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OMG: Open Molecule Generator

Overview of attention for article published in Journal of Cheminformatics, September 2012
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About this Attention Score

  • In the top 5% of all research outputs scored by Altmetric
  • Among the highest-scoring outputs from this source (#11 of 689)
  • High Attention Score compared to outputs of the same age (97th percentile)

Mentioned by

6 blogs
18 tweeters
1 Wikipedia page
1 Google+ user


58 Dimensions

Readers on

124 Mendeley
3 CiteULike
OMG: Open Molecule Generator
Published in
Journal of Cheminformatics, September 2012
DOI 10.1186/1758-2946-4-21
Pubmed ID

Julio E Peironcely, Miguel Rojas-Chertó, Davide Fichera, Theo Reijmers, Leon Coulier, Jean-Loup Faulon, Thomas Hankemeier


Computer Assisted Structure Elucidation has been used for decades to discover the chemical structure of unknown compounds. In this work we introduce the first open source structure generator, Open Molecule Generator (OMG), which for a given elemental composition produces all non-isomorphic chemical structures that match that elemental composition. Furthermore, this structure generator can accept as additional input one or multiple non-overlapping prescribed substructures to drastically reduce the number of possible chemical structures. Being open source allows for customization and future extension of its functionality. OMG relies on a modified version of the Canonical Augmentation Path, which grows intermediate chemical structures by adding bonds and checks that at each step only unique molecules are produced. In order to benchmark the tool, we generated chemical structures for the elemental formulas and substructures of different metabolites and compared the results with a commercially available structure generator. The results obtained, i.e. the number of molecules generated, were identical for elemental compositions having only C, O and H. For elemental compositions containing C, O, H, N, P and S, OMG produces all the chemically valid molecules while the other generator produces more, yet chemically impossible, molecules. The chemical completeness of the OMG results comes at the expense of being slower than the commercial generator. In addition to being open source, OMG clearly showed the added value of constraining the solution space by using multiple prescribed substructures as input. We expect this structure generator to be useful in many fields, but to be especially of great importance for metabolomics, where identifying unknown metabolites is still a major bottleneck.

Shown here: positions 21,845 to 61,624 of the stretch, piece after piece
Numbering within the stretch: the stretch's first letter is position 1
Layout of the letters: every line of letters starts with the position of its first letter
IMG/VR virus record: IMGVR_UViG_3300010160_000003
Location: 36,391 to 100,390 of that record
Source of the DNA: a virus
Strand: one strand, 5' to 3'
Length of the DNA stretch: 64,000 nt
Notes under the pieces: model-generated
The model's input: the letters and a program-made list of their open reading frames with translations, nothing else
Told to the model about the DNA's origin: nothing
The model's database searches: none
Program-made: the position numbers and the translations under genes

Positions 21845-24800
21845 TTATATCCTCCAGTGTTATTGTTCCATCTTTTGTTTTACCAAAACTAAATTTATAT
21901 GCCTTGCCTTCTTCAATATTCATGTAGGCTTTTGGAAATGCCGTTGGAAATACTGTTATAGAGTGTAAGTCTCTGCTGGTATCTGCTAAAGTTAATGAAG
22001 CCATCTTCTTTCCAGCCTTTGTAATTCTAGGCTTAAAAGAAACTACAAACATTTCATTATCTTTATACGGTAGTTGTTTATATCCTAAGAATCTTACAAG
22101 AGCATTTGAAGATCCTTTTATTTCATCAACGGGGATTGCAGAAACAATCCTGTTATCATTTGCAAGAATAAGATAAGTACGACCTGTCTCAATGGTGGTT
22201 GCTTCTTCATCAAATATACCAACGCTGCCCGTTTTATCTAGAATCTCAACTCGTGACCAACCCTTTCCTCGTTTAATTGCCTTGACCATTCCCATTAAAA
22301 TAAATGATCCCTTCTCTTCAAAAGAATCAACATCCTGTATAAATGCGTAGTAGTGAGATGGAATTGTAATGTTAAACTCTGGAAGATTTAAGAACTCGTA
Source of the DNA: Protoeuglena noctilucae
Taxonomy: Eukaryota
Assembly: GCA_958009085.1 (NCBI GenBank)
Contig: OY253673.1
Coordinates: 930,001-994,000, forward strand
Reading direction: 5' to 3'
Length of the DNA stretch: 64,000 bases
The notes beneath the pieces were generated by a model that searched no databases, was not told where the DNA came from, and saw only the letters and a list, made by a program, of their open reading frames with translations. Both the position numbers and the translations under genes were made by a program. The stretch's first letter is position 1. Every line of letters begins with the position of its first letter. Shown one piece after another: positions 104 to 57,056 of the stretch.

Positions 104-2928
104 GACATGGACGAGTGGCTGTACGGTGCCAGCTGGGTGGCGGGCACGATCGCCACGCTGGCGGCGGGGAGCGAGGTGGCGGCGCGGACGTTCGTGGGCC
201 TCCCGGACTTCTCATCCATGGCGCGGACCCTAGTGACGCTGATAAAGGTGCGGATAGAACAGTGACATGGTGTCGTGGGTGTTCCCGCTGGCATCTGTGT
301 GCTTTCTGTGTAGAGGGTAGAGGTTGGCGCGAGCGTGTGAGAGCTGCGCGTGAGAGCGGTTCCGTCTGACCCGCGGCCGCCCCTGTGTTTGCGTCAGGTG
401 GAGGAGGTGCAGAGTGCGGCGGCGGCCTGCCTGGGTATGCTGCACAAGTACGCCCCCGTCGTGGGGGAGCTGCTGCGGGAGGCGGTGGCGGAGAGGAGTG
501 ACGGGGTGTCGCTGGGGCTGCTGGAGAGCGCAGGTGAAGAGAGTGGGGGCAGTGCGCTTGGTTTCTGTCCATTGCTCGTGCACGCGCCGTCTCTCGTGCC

Twitter Demographics

The data shown below were collected from the profiles of 18 tweeters who shared this research output. Click here to find out more about how the information was compiled.

Mendeley readers

The data shown below were compiled from readership statistics for 124 Mendeley readers of this research output. Click here to see the associated Mendeley record.

Geographical breakdown

Country Count As %
Germany 3 2%
Spain 2 2%
United States 2 2%
Netherlands 2 2%
India 2 2%
Brazil 2 2%
South Africa 1 <1%
Australia 1 <1%
United Kingdom 1 <1%
Other 4 3%
Unknown 104 84%

Demographic breakdown

Readers by professional status Count As %
Researcher 35 28%
Student > Ph. D. Student 32 26%
Student > Master 9 7%
Other 7 6%
Student > Doctoral Student 7 6%
Other 23 19%
Unknown 11 9%
Readers by discipline Count As %
Chemistry 42 34%
Agricultural and Biological Sciences 21 17%
Computer Science 15 12%
Biochemistry, Genetics and Molecular Biology 12 10%
Engineering 4 3%
Other 14 11%
Unknown 16 13%

Attention Score in Context

This research output has an Altmetric Attention Score of 51. This is our high-level measure of the quality and quantity of online attention that it has received. This Attention Score, as well as the ranking and number of research outputs shown below, was calculated when the research output was last mentioned on 16 June 2020.
All research outputs
of 17,968,541 outputs
Outputs from Journal of Cheminformatics
of 689 outputs
Outputs of similar age
of 143,465 outputs
Outputs of similar age from Journal of Cheminformatics
of 1 outputs
Altmetric has tracked 17,968,541 research outputs across all sources so far. Compared to these this one has done particularly well and is in the 97th percentile: it's in the top 5% of all research outputs ever tracked by Altmetric.
So far Altmetric has tracked 689 research outputs from this source. They typically receive a lot more attention than average, with a mean Attention Score of 10.3. This one has done particularly well, scoring higher than 98% of its peers.
Older research outputs will score higher simply because they've had more time to accumulate mentions. To account for age we can compare this Altmetric Attention Score to the 143,465 tracked outputs that were published within six weeks on either side of this one in any source. This one has done particularly well, scoring higher than 97% of its contemporaries.
We're also able to compare this research output to 1 others from the same source and published within six weeks on either side of this one. This one has scored higher than all of them